In contrast, AAP was supreme. In AAP 1.o, it was all about Kejriwal. He was in the studios, he was lying on the streets, he was here, he was there, he was waving his finger about, he was throwing a press conference, he was tightening his muffler, he was coughing into the mic. In AAP 2.0, he wisely became the leader, the statesman, sitting back and coordinating, the cool politician that south Delhi-tes would say “choo chweet”. But then South Delhi isn’t Delhi. So AAP had different faces to appeal to different people, Yadav, the kind self-deprecating uncle with a silk-smooth voice, Khetan,  consistently on the attack in TV studios, Ashutosh raising Hell on social media, keeping the base riled up with wild conspiracy theories every morning, and Somnath Bharti Luther King with his feet on the ground, because Delhi. In addition, Kejriwal fielded pragmatic candidates , of questionable AAP quality, in outer Delhi, went easy on the “We are a social movement” and accepted that there were in the politics business, and ensured a wide targetting of different sections, Muslims, migrant workers, housewives, angry old men,  and the effectiveness of that is attested to by the final vote tally.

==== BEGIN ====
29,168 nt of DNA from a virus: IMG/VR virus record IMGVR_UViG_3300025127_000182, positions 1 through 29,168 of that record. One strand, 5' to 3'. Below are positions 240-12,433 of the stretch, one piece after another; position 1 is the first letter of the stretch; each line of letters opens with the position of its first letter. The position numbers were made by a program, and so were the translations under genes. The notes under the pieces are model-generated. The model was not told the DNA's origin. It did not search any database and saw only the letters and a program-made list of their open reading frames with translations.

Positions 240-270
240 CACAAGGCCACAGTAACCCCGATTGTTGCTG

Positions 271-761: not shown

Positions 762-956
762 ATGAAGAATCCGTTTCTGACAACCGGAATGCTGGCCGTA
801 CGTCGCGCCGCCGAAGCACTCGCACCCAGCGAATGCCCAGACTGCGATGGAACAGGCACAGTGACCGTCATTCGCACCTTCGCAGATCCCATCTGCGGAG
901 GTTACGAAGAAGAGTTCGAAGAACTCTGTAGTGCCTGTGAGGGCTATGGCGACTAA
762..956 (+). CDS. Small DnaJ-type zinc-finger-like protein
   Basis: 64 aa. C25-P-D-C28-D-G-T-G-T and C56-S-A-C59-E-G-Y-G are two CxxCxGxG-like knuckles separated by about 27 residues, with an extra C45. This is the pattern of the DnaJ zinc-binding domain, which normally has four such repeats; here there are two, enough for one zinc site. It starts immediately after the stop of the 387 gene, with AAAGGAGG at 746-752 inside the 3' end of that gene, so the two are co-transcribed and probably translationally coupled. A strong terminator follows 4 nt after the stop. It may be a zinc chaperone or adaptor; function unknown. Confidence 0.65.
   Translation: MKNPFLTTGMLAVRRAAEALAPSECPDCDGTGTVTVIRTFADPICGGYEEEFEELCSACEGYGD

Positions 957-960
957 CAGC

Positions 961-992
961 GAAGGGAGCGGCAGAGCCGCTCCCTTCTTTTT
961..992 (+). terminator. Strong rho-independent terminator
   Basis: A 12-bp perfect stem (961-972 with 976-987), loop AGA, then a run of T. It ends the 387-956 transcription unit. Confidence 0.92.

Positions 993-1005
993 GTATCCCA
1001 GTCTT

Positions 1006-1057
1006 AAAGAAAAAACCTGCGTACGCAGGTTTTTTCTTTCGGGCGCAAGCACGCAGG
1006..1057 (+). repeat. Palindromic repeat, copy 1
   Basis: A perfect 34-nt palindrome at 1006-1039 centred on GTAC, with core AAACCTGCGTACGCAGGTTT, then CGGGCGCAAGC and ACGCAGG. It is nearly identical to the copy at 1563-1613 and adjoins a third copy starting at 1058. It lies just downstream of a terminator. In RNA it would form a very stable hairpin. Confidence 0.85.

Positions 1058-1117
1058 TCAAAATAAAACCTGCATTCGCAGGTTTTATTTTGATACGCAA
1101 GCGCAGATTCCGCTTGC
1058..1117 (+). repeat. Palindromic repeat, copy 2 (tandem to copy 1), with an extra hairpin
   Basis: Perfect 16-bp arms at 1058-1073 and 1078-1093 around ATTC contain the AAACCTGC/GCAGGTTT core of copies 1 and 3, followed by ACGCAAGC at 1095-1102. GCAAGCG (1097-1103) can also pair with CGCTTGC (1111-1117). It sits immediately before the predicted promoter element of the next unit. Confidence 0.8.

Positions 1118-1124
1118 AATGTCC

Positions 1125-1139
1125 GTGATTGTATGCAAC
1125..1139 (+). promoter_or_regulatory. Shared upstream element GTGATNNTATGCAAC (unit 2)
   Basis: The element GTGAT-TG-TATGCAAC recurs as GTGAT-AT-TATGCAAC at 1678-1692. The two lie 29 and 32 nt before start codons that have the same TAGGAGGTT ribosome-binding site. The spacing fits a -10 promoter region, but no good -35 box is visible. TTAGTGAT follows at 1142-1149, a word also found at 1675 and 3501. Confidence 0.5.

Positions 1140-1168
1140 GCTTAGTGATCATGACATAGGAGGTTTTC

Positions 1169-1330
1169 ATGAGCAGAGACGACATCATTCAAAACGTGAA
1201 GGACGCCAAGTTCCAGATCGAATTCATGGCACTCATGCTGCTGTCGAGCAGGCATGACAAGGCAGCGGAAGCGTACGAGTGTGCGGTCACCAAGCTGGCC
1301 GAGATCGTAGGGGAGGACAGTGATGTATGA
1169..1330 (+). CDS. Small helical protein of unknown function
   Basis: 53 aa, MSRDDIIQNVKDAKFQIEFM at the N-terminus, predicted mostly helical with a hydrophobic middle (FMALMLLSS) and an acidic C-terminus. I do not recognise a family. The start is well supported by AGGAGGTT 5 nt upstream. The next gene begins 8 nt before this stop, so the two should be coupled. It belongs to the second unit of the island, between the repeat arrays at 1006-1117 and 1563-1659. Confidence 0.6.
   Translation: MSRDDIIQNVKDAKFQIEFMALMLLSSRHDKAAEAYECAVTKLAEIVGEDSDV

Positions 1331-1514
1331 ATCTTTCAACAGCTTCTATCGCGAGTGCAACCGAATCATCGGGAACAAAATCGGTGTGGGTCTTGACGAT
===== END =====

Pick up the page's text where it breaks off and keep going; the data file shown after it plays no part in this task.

As an independent voice, I welcome the arrival of AAP. Any working democracy needs a strong opposition and right now, with the increasing obsolescence of Congress party, the BJP does not have a credible antagonist at the national level.  There is thus space for a party like AAP to emerge to take its place. With Delhi at an impregnable base, AAP can now again dream of conquest, but hopefully they have learned from the last time, the perils of spreading themselves too fast, too thin. A slow, graded, less greedy approach, predominantly concentrated around urban centers (and no I think UP is a bad move) would be the best strategy forward for them. As for BJP, the lessons should be clear namely that the people who really vote, they don’t really care for Modi hugging Obama or advice to produce more babies, because it’s not something that really helps them in their lives. I hope you get what I am saying. Also I sincerely hope that this defeat does not lead to the rise of the old BJP, both the shrill Hindutva-hawks as well as the protectionist-populist Swadeshis.